When I first heard of COVID-19, I never thought a virus that originated on the other side of the world would ruin my social life for a couple months and would lead to an entirely online semester. In January, I distinctly remember waking up on the morning after my 21st birthday and reading breaking news that Italy was in state of emergency and that large swaths of the country were expected to be entirely shut down due to COVID-19. This was the first time that I contemplated the possibility of the COVID-19 pandemic impacting my everyday life. So, when Towson University halted in-person classes and the country essentially shut down for two weeks to slow the spread I was not completely taken off guard. Several months later and the world still seems to be reeling from this pandemic. I suppose today some might say that it was ignorant for me to assume that a global pandemic wouldn’t penetrate my personal life to such a degree, but hindsight is always 2020 and as the second wave approaches, we need to use what we’ve learned to react appropriately.

The panic of the pandemic made many of us completely willing to stay inside and avoid contact with anyone not in our household. During quarantine we saw videos of bodies being stacked in military vehicles for burial in Italy and ice rinks in Maryland were being turned into temporary morgues [1]. After the fourteen-day federal mandate to social distance, we waited for governors, mayors and then Universities to allow us to return our regular lives. During this time, it slowly became clear that we were no longer just waiting to slow the spread but were waiting until we found a vaccine. An second wave is predicted to hit us in the winter and is expected to be just as, if not more, devastating than the first wave, making the desire for a vaccine more insatiable than ever. But, while we’re waiting for a vaccine, we need to mitigate the number of unnecessary deaths by COVID-19 by washing our hands, wearing masks, and social distancing when needed.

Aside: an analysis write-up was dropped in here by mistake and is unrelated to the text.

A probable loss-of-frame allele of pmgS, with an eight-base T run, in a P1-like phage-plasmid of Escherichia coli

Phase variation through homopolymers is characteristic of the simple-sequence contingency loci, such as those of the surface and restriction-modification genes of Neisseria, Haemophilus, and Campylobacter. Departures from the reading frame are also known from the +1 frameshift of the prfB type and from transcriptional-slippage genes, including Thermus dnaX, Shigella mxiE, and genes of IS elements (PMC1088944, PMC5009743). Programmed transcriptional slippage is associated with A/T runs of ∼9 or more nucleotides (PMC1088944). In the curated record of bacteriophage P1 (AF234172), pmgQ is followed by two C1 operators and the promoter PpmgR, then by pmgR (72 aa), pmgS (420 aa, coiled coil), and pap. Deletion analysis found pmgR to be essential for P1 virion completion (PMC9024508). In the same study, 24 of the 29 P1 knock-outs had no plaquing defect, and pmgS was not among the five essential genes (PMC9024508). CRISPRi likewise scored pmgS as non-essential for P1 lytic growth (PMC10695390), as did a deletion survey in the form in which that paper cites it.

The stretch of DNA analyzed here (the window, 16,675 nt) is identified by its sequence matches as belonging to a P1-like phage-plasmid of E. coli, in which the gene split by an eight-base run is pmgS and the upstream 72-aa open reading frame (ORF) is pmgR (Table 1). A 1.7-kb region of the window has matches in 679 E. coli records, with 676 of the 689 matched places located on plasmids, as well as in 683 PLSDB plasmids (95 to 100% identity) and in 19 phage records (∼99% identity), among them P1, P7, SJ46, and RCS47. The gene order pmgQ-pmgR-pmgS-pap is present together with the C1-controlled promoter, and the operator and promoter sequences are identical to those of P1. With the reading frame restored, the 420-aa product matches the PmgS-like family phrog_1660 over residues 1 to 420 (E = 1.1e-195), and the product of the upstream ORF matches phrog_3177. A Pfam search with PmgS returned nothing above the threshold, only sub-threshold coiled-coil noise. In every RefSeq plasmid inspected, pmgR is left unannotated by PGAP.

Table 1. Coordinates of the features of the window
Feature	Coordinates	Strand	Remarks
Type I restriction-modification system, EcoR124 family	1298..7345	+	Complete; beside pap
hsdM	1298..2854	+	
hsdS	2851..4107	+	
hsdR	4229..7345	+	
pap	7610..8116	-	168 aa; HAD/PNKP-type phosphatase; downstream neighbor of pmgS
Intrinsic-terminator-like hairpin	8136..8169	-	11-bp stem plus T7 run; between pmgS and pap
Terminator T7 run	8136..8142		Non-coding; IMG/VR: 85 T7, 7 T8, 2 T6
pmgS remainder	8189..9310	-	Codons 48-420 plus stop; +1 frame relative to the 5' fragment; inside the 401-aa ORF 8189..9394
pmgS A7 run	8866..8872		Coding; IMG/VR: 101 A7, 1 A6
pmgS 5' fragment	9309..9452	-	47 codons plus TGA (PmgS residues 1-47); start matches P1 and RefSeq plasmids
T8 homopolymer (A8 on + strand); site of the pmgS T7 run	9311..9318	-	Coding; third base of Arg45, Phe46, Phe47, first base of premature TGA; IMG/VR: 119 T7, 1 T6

[1] McNamara, Audrey. “An Ice Rink in Maryland Has Become a Temporary Morgue.” CBS News, CBS Interactive, 6 May 2020, www.cbsnews.com/news/maryland-ice-rink-temporary-morgue-coronavirus/.